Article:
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A services superstar

Over her 15 years in pharmacy, Ashleigh Pearce has been keen to take on as many new skills as she can, including championing NHS pilot services.

When asked, what do you like about working in community pharmacy, accuracy checking technician and pharmacy manager, Ashleigh Pearce, said: “I love the variety! Every day is different, and I love meeting new customers and making a difference.”

Ashleigh started working at Newington Pharmacy in Hull almost 15 years ago and has worked her way up, completing her medicines counter assistant training before the year was out. “Then that Christmas was exceptionally busy, and we had staff sickness, so I got involved in the dispensary – I was put on the dispensing course and by 2009 I had qualified,” she explains. In 2013 she became a pharmacy technician and completed her accuracy checking technician training just five years ago. 

Though she has risen quickly through the ranks, pharmacy wasn’t always the plan. “To be honest, I never knew anything about pharmacy. It’s not even anything I’d ever considered. It was my auntie who worked here at the time, she was a dispenser, and she said, ‘where I’m working is looking for staff’. I came to meet her on the Friday, started on the Monday and it just sort of went from there!”

Taking a lead

Now Ashleigh gets involved with all the pharmacy has to offer and thinks the team plays a big role in the community. Due to many people having difficulty booking in with a GP, and especially during the Covid-19 pandemic when GPs weren’t doing face-to-face appointments, the community turned to the open doors of the pharmacy and now look to it as their first port of call. “I think that made them realise they should come to the pharmacy first and if the pharmacy can’t help then they should go to the doctor’s surgery, not the other way around,” she explains. 

Last year, Ashleigh also took on the role of PCN pharmacy lead in her area, enabling her to build great relationships with other surrounding pharmacies as well as the main doctor’s surgery over the road. “The other clinical lead, which tends to be a doctor, and I keep in touch. We liaise as to how we can help each other. I explain how the new services work, they explain to me any problems and then I can pass that information back to all the other pharmacies and we can try and have as seamless an experience as possible.” 

Before she accepted the role, Ashleigh spoke to people in the area including members of the LPC about what it would entail. “They told me it can be quite frustrating as some doctors aren’t as willing to work with the pharmacies as others and some pharmacies don’t always get back in touch with you when you’re trying to liaise with them,” she explains. “But all you can do is try your best and so far, I think I’ve got a really good group and I’ve been quite lucky.”

Targeting contraception

In September 2021, the NHS launched the Community Pharmacy Contraception Service Pilot, with the aim of creating more capacity in primary care and sexual health clinics by allowing oral contraception access to be available through a community pharmacy.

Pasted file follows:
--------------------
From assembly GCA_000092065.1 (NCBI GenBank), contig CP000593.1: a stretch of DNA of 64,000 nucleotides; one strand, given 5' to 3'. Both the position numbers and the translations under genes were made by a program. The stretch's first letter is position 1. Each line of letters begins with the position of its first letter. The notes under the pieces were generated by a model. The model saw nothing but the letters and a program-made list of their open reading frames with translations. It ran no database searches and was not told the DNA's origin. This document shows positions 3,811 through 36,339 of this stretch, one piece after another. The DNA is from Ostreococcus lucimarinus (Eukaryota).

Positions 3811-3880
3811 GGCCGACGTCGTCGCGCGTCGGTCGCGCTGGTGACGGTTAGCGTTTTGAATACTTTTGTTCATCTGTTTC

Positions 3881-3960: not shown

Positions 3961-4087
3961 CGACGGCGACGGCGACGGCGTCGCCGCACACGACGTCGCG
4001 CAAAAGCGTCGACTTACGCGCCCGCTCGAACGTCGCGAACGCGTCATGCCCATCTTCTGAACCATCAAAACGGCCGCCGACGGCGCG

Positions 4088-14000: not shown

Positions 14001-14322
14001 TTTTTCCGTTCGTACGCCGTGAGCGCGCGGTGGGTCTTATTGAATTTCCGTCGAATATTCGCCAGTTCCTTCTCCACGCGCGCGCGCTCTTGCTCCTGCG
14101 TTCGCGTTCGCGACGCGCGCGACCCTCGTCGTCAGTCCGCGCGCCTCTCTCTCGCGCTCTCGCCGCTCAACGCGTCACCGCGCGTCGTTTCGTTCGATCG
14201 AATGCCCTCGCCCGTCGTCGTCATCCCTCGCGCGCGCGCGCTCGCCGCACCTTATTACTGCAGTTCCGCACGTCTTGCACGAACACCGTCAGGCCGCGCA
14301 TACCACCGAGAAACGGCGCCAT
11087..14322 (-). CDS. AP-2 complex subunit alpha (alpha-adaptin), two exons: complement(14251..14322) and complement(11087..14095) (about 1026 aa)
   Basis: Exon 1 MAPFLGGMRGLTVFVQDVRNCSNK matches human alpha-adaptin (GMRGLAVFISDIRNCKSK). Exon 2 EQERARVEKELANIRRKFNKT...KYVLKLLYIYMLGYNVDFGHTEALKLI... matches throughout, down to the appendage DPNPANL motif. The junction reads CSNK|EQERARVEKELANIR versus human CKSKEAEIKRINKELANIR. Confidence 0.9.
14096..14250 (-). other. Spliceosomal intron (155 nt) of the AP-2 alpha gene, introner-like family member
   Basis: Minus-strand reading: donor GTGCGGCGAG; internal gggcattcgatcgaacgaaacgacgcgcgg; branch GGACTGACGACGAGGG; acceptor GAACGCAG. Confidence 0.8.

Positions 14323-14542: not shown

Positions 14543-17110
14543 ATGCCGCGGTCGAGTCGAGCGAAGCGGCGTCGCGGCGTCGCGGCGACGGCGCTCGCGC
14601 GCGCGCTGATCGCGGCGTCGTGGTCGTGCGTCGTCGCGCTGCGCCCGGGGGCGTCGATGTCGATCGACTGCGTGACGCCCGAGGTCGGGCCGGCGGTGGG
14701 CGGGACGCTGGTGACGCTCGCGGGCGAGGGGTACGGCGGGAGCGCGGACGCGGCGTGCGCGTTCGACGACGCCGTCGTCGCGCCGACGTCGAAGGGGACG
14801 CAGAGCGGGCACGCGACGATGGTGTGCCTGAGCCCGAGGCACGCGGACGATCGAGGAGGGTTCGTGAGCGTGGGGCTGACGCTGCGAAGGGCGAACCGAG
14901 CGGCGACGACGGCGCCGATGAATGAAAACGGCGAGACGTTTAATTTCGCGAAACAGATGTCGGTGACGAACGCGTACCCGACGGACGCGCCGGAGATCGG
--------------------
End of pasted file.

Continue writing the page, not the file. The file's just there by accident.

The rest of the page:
Split into two tiers, the pilot is the first step in testing whether community pharmacies have the potential for providing more access to ongoing oral contraception (Tier 1) and initiating access to contraception (Tier 2).  

Pharmacies were able to register to take part in the scheme and as of October 2022, 66 community pharmacy teams had delivered nearly 1,500 consultations within Tier 1. Tier 2 of the pilot will run until September 2023.  

Ashleigh is part of a team that has delivered the highest number of consultations to patients and is particularly engaged with the service. “When we registered, we got all the information through and it said we might get referrals from the surgeries and we found we just weren’t getting anything through,” she explains. 

“I thought, what can we do to get this scheme up and running? So, I began to search our system, seeing what patients got the contraceptive pills from us, when they got it, when they might be due again. We made a list, contacted those patients, let them know about the service and invited them for an appointment with the pharmacist who met with them and, if appropriate provided, contraception. 

“Once they’d come to see us once and they knew how the service worked, three months later we didn’t have to chase, they came back to us because they knew it was an option.”  

Community convenience

For Ashleigh, the benefits of the scheme are obvious, and the more pharmacies that can get involved, the better. “I think the only downside of the scheme is that not all pharmacies are on board,” she says. “Some patients may try and go to one pharmacy, who don’t offer the service so then they think nowhere offers it, which obviously isn’t the case. 

“It’s quite a lot of training so some pharmacies haven’t done it, or some stores run off locums so they can offer it one day and then the next they can’t. We have found that when patients know that we do it, they’re quite keen to come to us, especially as we’re a 100-hour pharmacy as they can come on a night, on a weekend, in the morning… and it’s a lot more convenient than having to go to the doctors!”

Now that the contraception pilot has proved successful for the pharmacy, Ashleigh hopes to get involved in more pilot schemes as they become available. “There’s another service coming out at the moment that we’re just looking into, the COPD review service,” she says. 

“It will involve things like checking patient’s inhaler techniques. I did my training on it recently and was really surprised by how many people don’t use their inhalers correctly and how much of a difference it can make if they do so. I think that’s going to be very interesting and it would be nice to be able to provide it for patients.” 

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